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Irish and Celtic myths and legends, Irish folklore and Irish fairy tales tales of Ireland
When words may very well hurt you!
Much has been said but little written of the old Irish piseóg, the word of the curse. Now the same term is often used to refer to general traditions and superstitions in Ireland, things like if you're ever lost, turn your socks inside out to find your way home, or opening the back door if you hear a knock at the front door, to let the fairy out, but in reality the piseóg has a far older and darker meaning.
More than just wishing someone ill, a foe, a begrudging neighbour, or even the fairies themselves might cast a piseóg in order cause real harm to someone, and breathe life into it by using something that once lived or might have lived.
The piseóg was said to be most powerful when cast on May's eve, from the time when the clock chimed midnight to the first light of dawn. If at this time and during those hours you were to cast your piseóg, most often using an egg, raw or rotten, but also a piece of old meat, a raven carcass, or something similar, you could be certain of success. Some say it was the breaking of the egg that released the curse, so it might be put on a path or outside a doorway.
Farmers used to walk around their farms on those nights from dusk to dawn, for fear that someone might lay the piseóg in the hay their cattle would eat, or in their fields! For it was most often farmers that were targeted, back when Ireland was more rural and agricultural.
Piseógs were blamed for cattle falling sick, for stillbirths and crop failures, for milk turning sour and all manner or rustic misfortunes. And if it worked, some held that the stolen luck would go to the one who laid the piseóg, for they believed that there was only so much luck in the world, and what was lost by one must be gained by another.
And it's not so long ago that piseógs were used in Ireland, for there is a story of a couple who purchased a field and found several eggs placed in the middle of it the very next day, surrounded by a well-made súgán rope, which is a kind of straw rope you may have seen used to make the seats of chairs chairs or sometimes beds in old cottages. The word súgán also means weakness, as a term of contempt, and sometimes a woven straw doll was used instead, particularly in the south of the country.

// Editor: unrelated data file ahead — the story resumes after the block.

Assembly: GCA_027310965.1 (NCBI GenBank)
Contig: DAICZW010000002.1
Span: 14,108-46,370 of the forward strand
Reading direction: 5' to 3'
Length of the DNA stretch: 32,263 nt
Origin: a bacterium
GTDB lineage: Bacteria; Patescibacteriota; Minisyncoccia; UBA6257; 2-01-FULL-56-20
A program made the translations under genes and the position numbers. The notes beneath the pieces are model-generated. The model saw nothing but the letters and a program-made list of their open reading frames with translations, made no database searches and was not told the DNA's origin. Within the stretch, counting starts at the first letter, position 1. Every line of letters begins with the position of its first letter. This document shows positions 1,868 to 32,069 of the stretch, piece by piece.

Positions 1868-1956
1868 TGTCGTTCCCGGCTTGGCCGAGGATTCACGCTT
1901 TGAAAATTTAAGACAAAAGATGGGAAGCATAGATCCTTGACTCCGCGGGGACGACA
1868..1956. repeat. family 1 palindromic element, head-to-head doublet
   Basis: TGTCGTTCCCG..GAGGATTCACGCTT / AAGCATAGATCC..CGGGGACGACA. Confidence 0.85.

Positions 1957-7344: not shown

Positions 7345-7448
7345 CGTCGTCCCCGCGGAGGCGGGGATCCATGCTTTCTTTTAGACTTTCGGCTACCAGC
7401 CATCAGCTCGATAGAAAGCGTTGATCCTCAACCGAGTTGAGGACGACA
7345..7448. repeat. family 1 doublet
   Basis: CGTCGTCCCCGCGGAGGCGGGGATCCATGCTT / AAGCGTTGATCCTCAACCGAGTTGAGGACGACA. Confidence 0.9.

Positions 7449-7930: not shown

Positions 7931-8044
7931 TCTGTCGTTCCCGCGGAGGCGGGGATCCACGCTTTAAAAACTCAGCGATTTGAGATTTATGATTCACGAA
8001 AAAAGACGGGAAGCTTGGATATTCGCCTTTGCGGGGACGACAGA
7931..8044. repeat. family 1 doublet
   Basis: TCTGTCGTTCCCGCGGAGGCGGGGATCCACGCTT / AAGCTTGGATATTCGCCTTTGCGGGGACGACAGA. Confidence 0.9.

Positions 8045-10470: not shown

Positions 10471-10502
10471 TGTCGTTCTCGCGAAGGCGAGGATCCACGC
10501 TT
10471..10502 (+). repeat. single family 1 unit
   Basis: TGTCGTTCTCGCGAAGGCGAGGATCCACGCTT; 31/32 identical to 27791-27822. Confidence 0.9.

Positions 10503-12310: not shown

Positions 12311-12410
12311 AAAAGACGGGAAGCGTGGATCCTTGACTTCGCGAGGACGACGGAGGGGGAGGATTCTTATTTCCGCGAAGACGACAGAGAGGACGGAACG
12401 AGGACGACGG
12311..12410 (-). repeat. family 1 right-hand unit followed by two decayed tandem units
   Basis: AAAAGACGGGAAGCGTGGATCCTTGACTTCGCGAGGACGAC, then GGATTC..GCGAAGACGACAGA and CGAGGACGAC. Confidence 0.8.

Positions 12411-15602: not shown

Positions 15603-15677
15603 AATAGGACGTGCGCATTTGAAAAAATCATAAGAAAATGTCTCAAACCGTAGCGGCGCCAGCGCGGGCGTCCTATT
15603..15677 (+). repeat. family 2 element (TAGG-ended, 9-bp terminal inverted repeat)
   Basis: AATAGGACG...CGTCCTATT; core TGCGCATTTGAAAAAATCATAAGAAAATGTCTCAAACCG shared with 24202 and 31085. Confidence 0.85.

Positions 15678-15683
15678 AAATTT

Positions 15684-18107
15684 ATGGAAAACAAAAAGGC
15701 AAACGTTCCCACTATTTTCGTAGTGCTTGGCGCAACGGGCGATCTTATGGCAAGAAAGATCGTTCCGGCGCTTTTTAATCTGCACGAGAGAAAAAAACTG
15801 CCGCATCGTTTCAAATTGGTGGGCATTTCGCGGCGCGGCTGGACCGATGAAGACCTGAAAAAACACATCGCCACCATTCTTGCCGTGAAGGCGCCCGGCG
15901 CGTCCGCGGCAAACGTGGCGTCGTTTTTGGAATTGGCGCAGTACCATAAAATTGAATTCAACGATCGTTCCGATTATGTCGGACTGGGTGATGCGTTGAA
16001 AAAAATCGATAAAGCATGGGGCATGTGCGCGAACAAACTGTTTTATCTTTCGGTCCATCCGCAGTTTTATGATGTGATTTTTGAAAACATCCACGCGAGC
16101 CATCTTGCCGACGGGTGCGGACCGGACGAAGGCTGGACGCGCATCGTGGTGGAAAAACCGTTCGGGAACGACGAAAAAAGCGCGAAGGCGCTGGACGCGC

Bound together with the rope and eggs was a piseóg and an intention of malevolence!
Protection from piseógs was afforded by sprinkling holy water in the four corners of your property, or water from a place where three rivers meet, or by dragging a gorse bush around the borders of your land.
Piseógs were the most common form of curse used in old Ireland, and they shouldn't be confused with the mallacht, which was a more powerful and direct form of curse used by bards and druids in battle, but whether there was anything to them or they were simply used as effective tools to terrorise your enemies is a different question!
The people of the Claddagh in Galway, marked on the map below, are said to know much of piseógs.
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Further Folk and Faerie Tales of Ireland
One upon a time in Ireland, in the farthest west of County Clare, there lived a brave young chieftain whose name was O'Quinn. A kindly enough man was he, and fair to behold, of ruddy locks and clean limbs, and he made his Dún on a flat plain near to a clearwater spring, the purest in all of Ireland and perhaps all the world. He was co ... [more]
Cursing of various sorts has a history as long and rich as Ireland's own, stretching from the very earliest tales of the first settlers in Ireland all the way to the modern day. Whether a quick muttered malediction on someone who had crossed you or an elaborate, lengthy poem intended to satirise and ruin the legacy of a king, the mallacht, or c ... [more]
Much has been said but little written of the old Irish piseóg, the word of the curse. Now the same term is often used to refer to general traditions and superstitions in Ireland, things like if you're ever lost, turn your socks inside out to find your way home, or opening the back door if you hear a knock at the front door, to let the fa ... [more]
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